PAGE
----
Arms of Villarrobledo, Spain

Villarrobledo

In use since 1440

Blazon: Per fess azure a castle triple-towered proper and argent issuant from a mount in base vert three trees eradicated proper*

*The blazon specifies that the trees should be issuing from a mount; the above depiction is not ideal.

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Arms of Böheimkirchen, Austria

Boeheimkirchen

Granted 1952

Blazon: Per pale azure a church on a mount in base proper, in chief the letter Y or, and argent a wolf rampant gules

Both the wolf and the letter Y derive from the municipal arms of nearby regions. The red wolf, also known as the “Passau wolf,” has been used by the diocese of Passau since at least 1259. The Y is an abbreviation of “Yppolytus,” or St. Hippolytus of Rome, after whom the diocese of St. Pölten was named. The church is probably a depiction of the local church of St. James. The current building dates back to the 14th century, but mentions of a church on the same site date back to 985.

Arms of West Lindsey District Council, England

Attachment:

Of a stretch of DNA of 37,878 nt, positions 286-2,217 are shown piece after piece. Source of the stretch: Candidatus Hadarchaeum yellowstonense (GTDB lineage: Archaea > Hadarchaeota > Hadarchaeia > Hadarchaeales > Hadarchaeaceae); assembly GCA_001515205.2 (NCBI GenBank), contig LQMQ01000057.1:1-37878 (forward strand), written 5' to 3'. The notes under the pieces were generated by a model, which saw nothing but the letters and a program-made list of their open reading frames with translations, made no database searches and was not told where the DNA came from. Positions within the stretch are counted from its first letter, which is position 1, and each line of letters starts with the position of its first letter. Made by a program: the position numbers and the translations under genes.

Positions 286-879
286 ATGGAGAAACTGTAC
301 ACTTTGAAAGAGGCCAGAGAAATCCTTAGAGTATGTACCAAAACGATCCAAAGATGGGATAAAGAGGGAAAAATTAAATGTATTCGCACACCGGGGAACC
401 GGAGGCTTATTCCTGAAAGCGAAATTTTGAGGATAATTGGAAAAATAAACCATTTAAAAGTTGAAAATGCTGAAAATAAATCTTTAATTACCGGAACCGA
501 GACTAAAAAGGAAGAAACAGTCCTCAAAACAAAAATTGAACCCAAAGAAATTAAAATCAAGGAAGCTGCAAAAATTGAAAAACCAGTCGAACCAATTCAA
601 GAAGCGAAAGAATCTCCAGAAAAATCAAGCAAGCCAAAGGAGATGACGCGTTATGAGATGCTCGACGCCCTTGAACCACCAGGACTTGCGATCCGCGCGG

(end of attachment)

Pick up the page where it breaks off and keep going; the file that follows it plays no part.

West Lindsey

Granted 1974

Blazon: Vert a fess ermine of five spots between in chief an eagle displayed, wings inverted perched on a thunderbolt fesswise between two garbs or and in base on water barry wavy argent and azure a Viking ship of third, sails of the fourth

Crest: On a wreath vert and argent on a mount an oak tree proper fructed or bound thereto by a chain proper two anchors in saltire of the third

Supporters: On the dexter a Lincolnshire Red Shorthorn Bull and on the sinister a Lincoln Longwool Ram both guardant proper, each supporting a croizer or

Mantling: Vert lined argent

Motto: Strive for the gain of all

Arms of Blindenmarkt, Austria

Blindenmarkt

Granted ~1522-1529

Blazon: Gules on a pale between two serpents erect argent a dexter wing of the field, surmounted by a triple mount in base proper

The arms were originally granted as shown by Ferdinand I, Holy Roman Emperor sometime between 1522 and 1529. It was re-granted by Maximilian II, Holy Roman Emperor in 1569. The color combination is likely inspired by the Austrian coat of arms, but the origin of the charges is unclear.

Blindenmarkt_grant

The 1569 grant of arms